Tutorial: Near-Field Wireless Technology

This tutorial gives you 3 IEEE Professional Development Hours.

Hans G. Schantz, CTO
Q-Track Corporation
Date: Wednesday, April 15, 2015
Time: 8:30am – 12pm

Near-field wireless technology is an emerging area of great importance in RFID. Specific applications including low frequency (LF) and high frequency (HF) RFID, Near-Field Communications (NFC), and Near-Field Electromagnetic Ranging (NFER). This tutorial will discuss the origins of near-field wireless, describe the basics of near-field electromagnetics, present near-field links laws, review the properties and performance of electrically-small antennas and survey the many applications of near-field wireless. 


  • Near-Field Origins of Wireless Technology
    • Railway Telegraphy
    • Near-Field Wireless of Edison and Others
    • Preece’s Inductive Wireless System
    • Tesla’s Power Transfer and Wireless Systems
    • Hertz and the Origins of Far-Field Wireless
  • Basics of Near-Field Electromagnetics
    • What is the Near Field?
    • Near-Field Impedance
    • Near-Fields and Energy Flow
    • “Near” Fields in Interfering Waves
    • Near-Fields around Dipoles and Small Antennas
  • Near-Field Wireless Engineering
    • Near-Field Link Laws
    • Near-Field Antenna Gain
    • Near-Fields and FCC Limits
  • Applications of Near-Field Wireless
    • RFID
    • Near-Field Communications (NFC)
    • RuBee (IEEE 1902.1)
    • Wireless Power Transfer
    • Near-Field Electromagnetic Ranging (NFER)

About the Presenter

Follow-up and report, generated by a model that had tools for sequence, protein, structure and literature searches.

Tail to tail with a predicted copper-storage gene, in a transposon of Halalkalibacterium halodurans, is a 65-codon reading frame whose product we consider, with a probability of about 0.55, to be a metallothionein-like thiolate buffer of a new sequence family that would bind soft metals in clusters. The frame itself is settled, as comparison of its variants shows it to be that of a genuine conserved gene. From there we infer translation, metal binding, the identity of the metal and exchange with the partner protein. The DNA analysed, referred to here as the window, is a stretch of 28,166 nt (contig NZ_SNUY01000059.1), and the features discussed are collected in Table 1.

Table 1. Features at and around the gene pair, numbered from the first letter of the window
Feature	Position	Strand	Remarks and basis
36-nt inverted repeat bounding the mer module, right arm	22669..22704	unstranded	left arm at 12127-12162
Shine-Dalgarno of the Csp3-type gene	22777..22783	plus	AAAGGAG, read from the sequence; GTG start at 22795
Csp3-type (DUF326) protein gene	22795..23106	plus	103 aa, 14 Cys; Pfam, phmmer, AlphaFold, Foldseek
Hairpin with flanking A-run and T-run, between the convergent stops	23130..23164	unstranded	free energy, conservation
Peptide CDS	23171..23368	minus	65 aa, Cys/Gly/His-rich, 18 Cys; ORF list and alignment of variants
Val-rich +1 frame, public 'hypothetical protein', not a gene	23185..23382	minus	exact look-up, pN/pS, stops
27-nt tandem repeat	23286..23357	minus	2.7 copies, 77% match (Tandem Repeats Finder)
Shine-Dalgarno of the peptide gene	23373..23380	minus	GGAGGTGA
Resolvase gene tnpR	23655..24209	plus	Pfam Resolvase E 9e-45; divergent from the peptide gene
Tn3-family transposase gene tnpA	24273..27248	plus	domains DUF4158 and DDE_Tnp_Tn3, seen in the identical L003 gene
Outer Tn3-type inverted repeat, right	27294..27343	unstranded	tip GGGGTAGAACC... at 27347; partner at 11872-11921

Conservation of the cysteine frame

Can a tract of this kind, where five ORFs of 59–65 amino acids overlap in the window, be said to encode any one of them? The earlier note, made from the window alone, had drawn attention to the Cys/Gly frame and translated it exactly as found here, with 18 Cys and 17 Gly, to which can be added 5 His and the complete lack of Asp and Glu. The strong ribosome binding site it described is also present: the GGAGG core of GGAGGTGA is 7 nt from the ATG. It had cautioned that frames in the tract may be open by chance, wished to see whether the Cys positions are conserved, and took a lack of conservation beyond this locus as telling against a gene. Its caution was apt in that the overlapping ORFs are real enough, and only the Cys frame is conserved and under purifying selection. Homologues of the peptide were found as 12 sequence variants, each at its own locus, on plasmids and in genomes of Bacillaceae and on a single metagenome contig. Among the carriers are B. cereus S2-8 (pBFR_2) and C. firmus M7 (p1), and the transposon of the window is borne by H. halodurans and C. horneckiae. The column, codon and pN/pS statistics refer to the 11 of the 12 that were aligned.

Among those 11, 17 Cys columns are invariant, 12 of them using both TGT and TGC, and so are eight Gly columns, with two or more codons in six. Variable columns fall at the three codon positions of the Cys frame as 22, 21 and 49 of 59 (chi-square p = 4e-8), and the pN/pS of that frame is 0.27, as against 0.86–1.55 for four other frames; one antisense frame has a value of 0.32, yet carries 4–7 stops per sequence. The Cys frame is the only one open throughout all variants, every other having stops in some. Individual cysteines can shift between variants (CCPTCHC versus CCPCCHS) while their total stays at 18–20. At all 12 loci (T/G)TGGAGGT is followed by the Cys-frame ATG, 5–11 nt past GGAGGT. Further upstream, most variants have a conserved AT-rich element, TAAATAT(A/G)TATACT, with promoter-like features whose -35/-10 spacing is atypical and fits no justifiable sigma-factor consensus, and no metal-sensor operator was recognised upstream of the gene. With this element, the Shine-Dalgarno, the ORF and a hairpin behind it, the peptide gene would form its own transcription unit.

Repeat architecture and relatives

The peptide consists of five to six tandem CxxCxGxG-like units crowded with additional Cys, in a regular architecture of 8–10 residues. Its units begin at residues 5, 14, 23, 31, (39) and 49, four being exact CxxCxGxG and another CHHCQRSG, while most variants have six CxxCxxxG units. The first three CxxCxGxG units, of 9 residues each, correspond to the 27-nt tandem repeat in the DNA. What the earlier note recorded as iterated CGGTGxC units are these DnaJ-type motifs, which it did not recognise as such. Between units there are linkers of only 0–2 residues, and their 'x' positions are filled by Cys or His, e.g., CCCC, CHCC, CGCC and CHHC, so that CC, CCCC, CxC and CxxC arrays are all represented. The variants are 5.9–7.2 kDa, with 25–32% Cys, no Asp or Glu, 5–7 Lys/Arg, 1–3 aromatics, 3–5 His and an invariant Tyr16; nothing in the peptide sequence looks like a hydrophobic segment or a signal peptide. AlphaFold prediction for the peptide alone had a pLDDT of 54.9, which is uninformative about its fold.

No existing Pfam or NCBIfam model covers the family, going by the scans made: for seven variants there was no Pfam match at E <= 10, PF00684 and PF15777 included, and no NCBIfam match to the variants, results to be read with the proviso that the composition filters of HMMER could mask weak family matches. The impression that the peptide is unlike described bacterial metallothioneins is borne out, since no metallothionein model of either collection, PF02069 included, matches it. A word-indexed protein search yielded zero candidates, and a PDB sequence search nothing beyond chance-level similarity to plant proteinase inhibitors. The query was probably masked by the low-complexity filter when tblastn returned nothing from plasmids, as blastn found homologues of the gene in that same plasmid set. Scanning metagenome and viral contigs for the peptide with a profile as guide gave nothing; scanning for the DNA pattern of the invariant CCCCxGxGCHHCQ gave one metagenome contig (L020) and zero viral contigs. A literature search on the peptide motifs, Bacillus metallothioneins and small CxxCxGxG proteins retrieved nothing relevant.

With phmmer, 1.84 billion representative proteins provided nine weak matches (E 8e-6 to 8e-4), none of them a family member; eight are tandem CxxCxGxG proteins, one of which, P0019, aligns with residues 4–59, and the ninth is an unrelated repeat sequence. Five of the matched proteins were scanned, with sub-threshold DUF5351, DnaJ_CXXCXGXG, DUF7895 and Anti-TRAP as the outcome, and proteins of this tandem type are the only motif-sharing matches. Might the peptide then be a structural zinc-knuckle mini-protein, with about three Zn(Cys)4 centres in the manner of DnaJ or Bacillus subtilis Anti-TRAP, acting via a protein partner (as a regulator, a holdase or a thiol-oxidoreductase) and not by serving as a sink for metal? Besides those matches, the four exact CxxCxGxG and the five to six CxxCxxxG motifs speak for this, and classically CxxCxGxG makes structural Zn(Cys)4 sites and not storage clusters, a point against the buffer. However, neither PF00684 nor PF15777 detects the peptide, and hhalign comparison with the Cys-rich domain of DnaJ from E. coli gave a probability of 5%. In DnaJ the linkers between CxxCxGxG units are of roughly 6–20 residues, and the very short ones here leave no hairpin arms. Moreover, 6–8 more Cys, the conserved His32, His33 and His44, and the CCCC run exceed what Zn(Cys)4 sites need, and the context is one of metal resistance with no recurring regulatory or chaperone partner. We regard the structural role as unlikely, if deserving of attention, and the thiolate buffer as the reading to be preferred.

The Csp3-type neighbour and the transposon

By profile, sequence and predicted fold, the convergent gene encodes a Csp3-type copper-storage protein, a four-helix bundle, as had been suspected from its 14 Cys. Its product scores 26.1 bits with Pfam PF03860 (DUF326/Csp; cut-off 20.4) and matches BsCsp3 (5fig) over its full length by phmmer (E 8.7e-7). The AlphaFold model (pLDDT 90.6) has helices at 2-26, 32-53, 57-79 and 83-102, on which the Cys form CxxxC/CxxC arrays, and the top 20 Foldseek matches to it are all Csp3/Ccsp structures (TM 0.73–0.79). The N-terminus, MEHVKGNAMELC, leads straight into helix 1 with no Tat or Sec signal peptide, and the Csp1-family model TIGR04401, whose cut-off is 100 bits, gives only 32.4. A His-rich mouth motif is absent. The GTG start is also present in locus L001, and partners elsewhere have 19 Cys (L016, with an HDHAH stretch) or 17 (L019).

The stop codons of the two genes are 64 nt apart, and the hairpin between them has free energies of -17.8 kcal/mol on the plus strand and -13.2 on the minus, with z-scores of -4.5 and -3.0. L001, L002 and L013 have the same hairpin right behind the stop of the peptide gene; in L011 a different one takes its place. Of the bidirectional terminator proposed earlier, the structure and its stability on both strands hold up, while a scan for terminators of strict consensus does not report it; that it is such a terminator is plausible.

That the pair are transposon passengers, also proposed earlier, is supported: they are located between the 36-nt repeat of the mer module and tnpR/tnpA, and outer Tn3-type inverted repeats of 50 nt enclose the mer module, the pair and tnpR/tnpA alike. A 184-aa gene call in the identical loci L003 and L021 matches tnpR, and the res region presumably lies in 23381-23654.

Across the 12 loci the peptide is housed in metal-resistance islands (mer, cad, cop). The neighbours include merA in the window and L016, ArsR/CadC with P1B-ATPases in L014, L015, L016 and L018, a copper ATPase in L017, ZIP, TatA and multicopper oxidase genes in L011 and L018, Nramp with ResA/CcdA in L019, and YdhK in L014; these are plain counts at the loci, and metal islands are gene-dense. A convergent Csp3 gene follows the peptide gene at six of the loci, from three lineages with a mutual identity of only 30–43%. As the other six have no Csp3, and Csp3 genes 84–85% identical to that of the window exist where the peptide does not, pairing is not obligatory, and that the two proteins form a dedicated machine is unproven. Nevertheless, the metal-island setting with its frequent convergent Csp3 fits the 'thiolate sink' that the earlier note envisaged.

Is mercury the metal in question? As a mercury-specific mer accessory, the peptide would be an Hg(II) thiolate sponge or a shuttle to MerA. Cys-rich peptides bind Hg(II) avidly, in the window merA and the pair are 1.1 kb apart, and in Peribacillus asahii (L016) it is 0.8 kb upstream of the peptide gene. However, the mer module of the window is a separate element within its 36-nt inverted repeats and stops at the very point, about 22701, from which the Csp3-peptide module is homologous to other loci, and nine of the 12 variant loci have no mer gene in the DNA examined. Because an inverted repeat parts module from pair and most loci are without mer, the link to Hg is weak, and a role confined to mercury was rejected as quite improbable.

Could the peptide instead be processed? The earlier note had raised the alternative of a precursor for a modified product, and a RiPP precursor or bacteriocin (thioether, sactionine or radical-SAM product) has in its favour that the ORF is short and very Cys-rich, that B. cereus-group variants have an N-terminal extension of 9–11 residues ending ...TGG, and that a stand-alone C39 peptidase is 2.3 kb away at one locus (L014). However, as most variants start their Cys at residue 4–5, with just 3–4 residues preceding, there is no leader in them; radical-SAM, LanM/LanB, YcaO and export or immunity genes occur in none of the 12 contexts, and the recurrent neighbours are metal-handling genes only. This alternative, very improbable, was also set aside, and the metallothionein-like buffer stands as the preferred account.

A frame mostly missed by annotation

Schantz Hans G. Schantz received degrees in engineering and physics from Purdue University in 1988 and 1990, respectively. He earned his Ph. D. degree in theoretical physics from the University of Texas at Austin in 1995.

His work experience includes stints with IBM, the Lawrence Livermore National Laboratory, ITT Technical Institute, and the ElectroScience Lab of the Ohio State University. In 1999, he joined Time Domain Corporation in Huntsville, AL as an Antenna Engineer. His pioneering work in ultrawideband (UWB) antennas led to one of the first commercially deployed UWB antennas and the first frequency-notched UWB antennas. He is the author of The Art and Science of Ultrawideband Antennas (Norwood, MA: Artech House, 2005), and an inventor on a total of 40 U.S. patents. He was a co-inventor of near-field electromagnetic ranging technology. Since 2002 he has been Chief Technical Officer for Q-Track Corporation (www.q-track.com) in Huntsville, AL. Q-Track employs the near-field properties of 1MHz 300m wavelength signals to localize transmit tags to an accuracy of 1m or better in complicated indoor environments. Dr. Schantz’s research interests include electromagnetic energy flow, UWB antennas, electrically small antennas, and low-frequency, near-field systems and propagation.

Dr. Schantz is a Senior Member of IEEE and a member of the Institute of Navigation.